Complaint. Complainant’s first U.S. registration
for POST-IT – No. 1,046,353 – issued
on August 17, 1976 and Complainant contends that is therefore now incontestable.
Backed up by reference to numerous prior Decisions under the Policy, Complainant
contends that the disputed domain name is “identical or confusingly similar to
a trademark or service mark in which the complainant has rights” because –
- Knowing of the fame of the POST-IT trademark, and in
an obvious attempt to benefit from Complainant’s launch of its POST-IT
picture paper product, Respondent registered and is using the disputed domain
name to attract internet users to its website to generate advertising and
- Respondent uses the disputed domain name in
connection with a website that hosts a variety of links to, and
advertisements for, third parties, many of which sell stationery products
and office supplies that compete with Complainant’s products. The website also includes links to sexually
explicit material, which tarnishes Complainant’s famous trademark POST-IT.
- The sole reason why Respondent registered and is
using the disputed domain name is to generate advertising revenue for itself
by creating a likelihood of confusion with Complainant’s famous POST-IT trademark.
- Complainant owns valuable rights in the famous
POST-IT trademark that long predate Respondent’s registration of the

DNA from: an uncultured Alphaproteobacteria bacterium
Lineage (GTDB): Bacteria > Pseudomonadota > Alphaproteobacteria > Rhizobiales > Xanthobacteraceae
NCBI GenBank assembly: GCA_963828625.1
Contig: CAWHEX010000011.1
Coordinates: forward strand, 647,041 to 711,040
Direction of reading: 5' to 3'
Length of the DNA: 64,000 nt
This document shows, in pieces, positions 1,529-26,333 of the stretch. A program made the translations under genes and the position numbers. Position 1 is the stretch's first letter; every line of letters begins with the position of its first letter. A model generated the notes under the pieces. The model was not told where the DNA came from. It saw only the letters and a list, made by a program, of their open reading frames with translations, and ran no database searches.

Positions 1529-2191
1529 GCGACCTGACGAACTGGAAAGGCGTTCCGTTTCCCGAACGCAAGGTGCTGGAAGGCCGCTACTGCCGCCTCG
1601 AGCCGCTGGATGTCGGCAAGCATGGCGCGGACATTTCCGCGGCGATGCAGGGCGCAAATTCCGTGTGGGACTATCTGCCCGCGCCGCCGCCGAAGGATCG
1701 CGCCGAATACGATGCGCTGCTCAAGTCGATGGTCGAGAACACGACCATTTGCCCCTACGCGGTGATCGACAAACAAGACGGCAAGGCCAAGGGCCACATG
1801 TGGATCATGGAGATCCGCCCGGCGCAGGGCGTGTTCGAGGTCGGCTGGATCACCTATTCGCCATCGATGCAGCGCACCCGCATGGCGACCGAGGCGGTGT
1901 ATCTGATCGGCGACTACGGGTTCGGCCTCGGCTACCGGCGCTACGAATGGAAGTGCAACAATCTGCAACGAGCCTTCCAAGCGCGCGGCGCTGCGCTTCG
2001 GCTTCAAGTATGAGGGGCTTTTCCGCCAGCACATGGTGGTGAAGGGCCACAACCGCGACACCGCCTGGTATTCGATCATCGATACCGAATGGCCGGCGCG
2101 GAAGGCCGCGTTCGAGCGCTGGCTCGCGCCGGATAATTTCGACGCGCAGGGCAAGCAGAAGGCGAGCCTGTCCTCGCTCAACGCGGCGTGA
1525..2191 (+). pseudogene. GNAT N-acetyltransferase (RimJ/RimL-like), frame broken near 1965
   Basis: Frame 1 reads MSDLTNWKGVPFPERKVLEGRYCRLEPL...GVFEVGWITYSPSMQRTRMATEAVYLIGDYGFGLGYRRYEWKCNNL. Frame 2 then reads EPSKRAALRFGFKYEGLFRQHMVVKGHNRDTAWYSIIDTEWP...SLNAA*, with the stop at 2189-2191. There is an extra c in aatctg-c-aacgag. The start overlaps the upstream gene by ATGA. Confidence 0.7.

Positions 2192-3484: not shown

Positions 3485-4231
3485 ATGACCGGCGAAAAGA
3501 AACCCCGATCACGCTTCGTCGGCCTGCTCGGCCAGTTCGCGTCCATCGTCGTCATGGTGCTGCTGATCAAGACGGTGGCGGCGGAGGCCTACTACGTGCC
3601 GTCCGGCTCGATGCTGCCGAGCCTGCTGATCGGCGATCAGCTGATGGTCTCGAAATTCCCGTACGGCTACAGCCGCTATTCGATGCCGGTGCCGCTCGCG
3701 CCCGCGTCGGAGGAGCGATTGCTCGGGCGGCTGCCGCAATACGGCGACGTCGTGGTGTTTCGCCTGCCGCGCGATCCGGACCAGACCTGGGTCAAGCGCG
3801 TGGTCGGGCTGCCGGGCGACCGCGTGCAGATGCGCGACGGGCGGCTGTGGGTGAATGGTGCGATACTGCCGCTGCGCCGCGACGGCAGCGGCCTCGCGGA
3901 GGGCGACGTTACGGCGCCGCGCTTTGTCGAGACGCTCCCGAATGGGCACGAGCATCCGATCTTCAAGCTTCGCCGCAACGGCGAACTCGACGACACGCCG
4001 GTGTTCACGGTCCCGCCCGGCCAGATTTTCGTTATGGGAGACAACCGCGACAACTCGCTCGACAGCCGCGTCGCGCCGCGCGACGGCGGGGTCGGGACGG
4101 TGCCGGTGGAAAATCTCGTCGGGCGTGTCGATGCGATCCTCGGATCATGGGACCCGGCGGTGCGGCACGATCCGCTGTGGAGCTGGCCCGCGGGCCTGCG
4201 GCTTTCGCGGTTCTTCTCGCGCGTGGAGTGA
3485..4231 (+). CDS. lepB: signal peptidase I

disputed domain name in 2006 and it is the owner of common law rights in
the POST-IT trademark in the U.S. based on its long and continuous use of the
famous brand in connection with numerous stationery and office related
products dating back to the 1970’s.
Complainant is also the owner of thirteen U.S. trademark
registrations for its POST-IT mark, six of which have become incontestable.
- The disputed domain name is confusingly similar to
Complainant’s famous POST-IT trademark, as it merely couples the POST-IT
trademark with the generic word “picture.”
Complainant annexed to the Complaint copies of pages from its website
illustrating that it offers Picture Paper under the POST-IT name, and it
points out that two of its federal trademark registrations, specifically
cover photo paper.
- A domain name comprised of a trademark, the generic
name of a product sold under the trademark, and a generic top-level domain
is confusingly similar to the trademark.
- The lack of the hyphen in
domain name does not negate the overwhelming similarity to Complainant’s
- When a user clicks on the “Post It” link on
Respondent’s website, the user is taken to page with links to “3m [sic]
Custom Post-It Notes,” “Post-It Notes,” “Custom Post-It Notes,” “Office
Supplies Usa,” and “Sticky Notes.”
Because Complainant is world famous for selling POST-IT brand sticky notes,
the content of Respondent’s website enhances the confusing nature of the disputed
Complainant contends that Respondent has no rights or legitimate interests
in the disputed domain name because –
does not use it in connection with a bona
fide offering of goods or services.
is not making a noncommercial fair use of the name.
has never been known as or referred to as “Postit Picture” or any variant
thereof, as is confirmed by the WHOIS record for the disputed domain name,
a copy of which was annexed to the Complaint, and which identifies Maltuzi
LLC as the registrant and administrative contact.
use of the disputed domain name to attract Internet users to its